Updated November 22, 2020 - 7:12 pm
Las Vegas restaurant owners may not be thrilled with restrictions announced Sunday by Gov. Steve Sisolak, but they were encouraged that he didn’t impose a new shutdown.
Sisolak announced Sunday afternoon that he’s requiring restaurants and bars to cut back to 25 percent of capacity, both indoors and out, in what he called a “statewide pause” of at least three weeks.
The restrictions, which will take effect at 12:01 a.m. Tuesday, are in response to what the governor cited as a “massive increase in community spread.” A Nevadan is diagnosed with COVID-19 every minute, Sisolak said.
Capacity limits must be posted, he said, and tables are to be limited to no more than four people each. Businesses that serve food are required to be reservation-only. Bar and counter seating must be socially distanced. And masks are required both indoors and out — even if 6 feet of social distancing is in effect — whenever a person is not actively eating or drinking, if he or she is with someone who’s not part of their own household. The same restrictions apply to restaurants within resorts.
The governor said residents and visitors are encouraged to patronize restaurants through curbside pickup, takeout and/or delivery.
Las Vegas restaurant owners contacted by the Review-Journal on Sunday evening said that in light of the slowdown of the past two weeks, business already was close to 25 percent of capacity.
“It’s just more pivoting for us,” said Ryan Doherty, founder of Corner Bar Management, which has several properties in downtown Las Vegas and at Area15. “Unfortunately, we’re getting used to it.”
“It allows us to maintain staff and keep busy,” said Scott Frost, owner of Hussong’s Cantina at The Shoppes at Mandalay Place and in Summerlin. “We’re so slow during the week anyway that going from 50 to 25 percent isn’t that big of a difference.”
But Frost had problems with the reservation-only restriction.
“You’re going to have walk-ups regardless,” he said. “People from out of state don’t know that there’s restrictions. We’re not going to sit there and tell them they have to make a reservation, so that’s a tough one to enforce.”
“I would have preferred him to just close the borders of the states,” said Lola Pokorny, owner of Lola’s: A Louisiana Kitchen downtown and in Summerlin. “Because when the border states close down — which they have — everyone from California and everyone from Utah comes here. And they go see their families and friends and they go out to eat, because it’s a pleasure and a privilege to go out to eat. But when they’re gathering at the homes, it’s more than 10, 15, 20 people, and that’s where the spread is.”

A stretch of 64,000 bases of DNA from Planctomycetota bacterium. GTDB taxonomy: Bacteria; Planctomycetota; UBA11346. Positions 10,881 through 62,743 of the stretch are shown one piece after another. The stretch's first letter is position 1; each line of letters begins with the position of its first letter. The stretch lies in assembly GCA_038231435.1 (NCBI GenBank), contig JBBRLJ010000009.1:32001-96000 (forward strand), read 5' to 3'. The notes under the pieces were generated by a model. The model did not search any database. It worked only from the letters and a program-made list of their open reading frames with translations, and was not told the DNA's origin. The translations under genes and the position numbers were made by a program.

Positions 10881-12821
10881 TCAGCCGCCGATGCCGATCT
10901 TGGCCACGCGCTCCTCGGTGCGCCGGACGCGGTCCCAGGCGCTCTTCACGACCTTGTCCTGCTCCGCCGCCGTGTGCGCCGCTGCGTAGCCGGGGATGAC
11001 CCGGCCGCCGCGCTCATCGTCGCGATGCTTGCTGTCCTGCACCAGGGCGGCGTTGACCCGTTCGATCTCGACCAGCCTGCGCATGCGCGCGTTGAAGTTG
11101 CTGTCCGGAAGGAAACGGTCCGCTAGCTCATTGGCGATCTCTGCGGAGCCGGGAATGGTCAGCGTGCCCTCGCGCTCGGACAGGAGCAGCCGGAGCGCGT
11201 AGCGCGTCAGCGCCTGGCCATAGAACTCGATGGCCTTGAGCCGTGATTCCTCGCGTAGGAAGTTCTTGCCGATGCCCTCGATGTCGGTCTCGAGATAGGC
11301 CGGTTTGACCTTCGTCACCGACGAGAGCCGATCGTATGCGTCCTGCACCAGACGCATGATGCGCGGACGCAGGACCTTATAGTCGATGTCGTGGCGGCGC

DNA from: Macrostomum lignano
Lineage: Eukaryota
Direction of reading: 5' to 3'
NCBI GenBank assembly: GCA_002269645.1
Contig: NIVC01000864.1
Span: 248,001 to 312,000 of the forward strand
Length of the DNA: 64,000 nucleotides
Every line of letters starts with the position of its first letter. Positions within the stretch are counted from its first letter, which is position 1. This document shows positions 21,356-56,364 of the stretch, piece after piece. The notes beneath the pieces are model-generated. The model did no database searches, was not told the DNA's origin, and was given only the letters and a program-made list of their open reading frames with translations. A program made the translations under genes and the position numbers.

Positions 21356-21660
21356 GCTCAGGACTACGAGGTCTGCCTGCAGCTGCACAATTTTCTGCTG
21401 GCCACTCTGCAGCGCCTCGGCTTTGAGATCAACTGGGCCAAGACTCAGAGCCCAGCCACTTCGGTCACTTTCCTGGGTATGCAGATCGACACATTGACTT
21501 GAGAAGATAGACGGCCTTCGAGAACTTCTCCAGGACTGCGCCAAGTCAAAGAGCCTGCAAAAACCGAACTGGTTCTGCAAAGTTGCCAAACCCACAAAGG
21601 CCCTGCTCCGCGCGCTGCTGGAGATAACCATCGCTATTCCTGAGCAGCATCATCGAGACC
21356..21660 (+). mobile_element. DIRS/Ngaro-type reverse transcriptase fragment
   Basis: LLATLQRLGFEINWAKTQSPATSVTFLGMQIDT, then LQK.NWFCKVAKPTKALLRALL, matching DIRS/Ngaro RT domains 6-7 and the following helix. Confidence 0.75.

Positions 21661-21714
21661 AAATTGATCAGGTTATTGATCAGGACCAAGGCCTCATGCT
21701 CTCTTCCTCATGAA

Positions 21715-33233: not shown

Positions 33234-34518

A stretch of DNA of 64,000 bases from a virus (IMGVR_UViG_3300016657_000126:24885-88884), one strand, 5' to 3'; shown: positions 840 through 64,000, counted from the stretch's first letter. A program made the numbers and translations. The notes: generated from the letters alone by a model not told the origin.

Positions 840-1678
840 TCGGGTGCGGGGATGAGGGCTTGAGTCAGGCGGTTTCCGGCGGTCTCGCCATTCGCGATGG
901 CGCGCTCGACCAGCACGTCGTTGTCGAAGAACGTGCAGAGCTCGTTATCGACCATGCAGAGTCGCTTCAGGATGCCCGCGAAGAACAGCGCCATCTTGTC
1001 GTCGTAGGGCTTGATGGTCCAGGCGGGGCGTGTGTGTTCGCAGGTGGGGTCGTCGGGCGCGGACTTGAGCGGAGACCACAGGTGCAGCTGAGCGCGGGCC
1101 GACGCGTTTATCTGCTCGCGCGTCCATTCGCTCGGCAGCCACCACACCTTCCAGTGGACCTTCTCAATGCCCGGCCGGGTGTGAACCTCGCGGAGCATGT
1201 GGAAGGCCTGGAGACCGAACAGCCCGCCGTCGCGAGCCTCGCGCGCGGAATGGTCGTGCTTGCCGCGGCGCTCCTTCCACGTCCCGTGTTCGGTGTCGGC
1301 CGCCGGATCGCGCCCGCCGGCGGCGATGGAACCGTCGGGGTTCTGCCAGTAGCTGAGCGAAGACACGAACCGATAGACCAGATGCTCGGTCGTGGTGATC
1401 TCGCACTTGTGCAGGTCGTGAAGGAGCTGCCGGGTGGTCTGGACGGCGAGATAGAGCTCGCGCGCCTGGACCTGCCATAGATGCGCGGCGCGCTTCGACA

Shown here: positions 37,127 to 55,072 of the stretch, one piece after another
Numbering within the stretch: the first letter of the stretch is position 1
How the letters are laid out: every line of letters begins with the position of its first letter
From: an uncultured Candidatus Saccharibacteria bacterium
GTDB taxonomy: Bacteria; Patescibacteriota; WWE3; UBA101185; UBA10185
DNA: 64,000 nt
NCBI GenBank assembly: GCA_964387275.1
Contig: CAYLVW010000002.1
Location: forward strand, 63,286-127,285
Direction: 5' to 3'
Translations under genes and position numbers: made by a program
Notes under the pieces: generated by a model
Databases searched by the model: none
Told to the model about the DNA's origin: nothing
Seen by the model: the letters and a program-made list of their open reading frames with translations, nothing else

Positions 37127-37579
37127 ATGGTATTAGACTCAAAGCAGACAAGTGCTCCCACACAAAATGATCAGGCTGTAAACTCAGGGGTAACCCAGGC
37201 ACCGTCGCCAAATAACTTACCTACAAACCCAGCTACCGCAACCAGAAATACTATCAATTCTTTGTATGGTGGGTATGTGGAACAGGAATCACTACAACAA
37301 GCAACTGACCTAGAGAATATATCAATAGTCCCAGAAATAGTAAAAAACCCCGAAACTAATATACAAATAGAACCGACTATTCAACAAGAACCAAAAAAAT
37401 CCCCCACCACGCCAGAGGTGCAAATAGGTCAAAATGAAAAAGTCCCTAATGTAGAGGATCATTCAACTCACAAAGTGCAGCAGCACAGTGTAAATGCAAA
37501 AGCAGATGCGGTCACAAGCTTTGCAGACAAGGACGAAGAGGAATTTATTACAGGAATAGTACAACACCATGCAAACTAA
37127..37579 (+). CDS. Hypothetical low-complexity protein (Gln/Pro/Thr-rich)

Los Angeles County announced Sunday that restaurants, breweries, wineries and bars can offer only takeout, drive-thru and delivery services as of 10 p.m. Wednesday and for a minimum of three weeks.
“I do believe a 25 percent capacity is a very difficult challenge for many of us in this industry,” said Cory Harwell, who operates Carson Kitchen in Las Vegas, Utah and Georgia. “But right now, I don’t think the primary concern of anyone is about the financials of this business. I think the primary concern is the long-term health of our city and our industry.”
“We’re going to turn over every rock, and we’re going to make lemonade out of lemons,” said Benito Martinez, a managing partner of the Sand Dollar Lounge. “We’re just going to continue to do our absolute best to roll with the punches. And if we’re doing fewer (customers), it just means the quality will go up, our service will go up, and it will be easier to enforce the safety measures. We’re going to maximize every opportunity we have.”
“The shock is going to be that a lot of people will have it in their heads to sit tight, stay in and not go out at all,” Doherty said. “That’s my worry. And I think that’s what every business owner’s worried about.”
“We’re naturally going to a slower time of year,” said Branden Powers, managing partner of The Golden Tiki and Evel Pie. “And to have a pause instead of a complete shutdown, I feel, is a prudent decision and the best choice possible, other than no further restrictions.”
Sisolak said if the state doesn’t experience an improvement in the trends in the next three weeks, further restrictions would be announced. However, he noted recent announcements of progress in developing a vaccine and said there’s light at the end of the tunnel.
“We’re closer to the end than we are the beginning,” he said.
Contact Heidi Knapp Rinella at Hrinella@reviewjournal.com. Follow @HKRinella on Twitter. Contact Al Mancini at amancini @reviewjournal.com. Follow @AlManciniVegas on Twitter.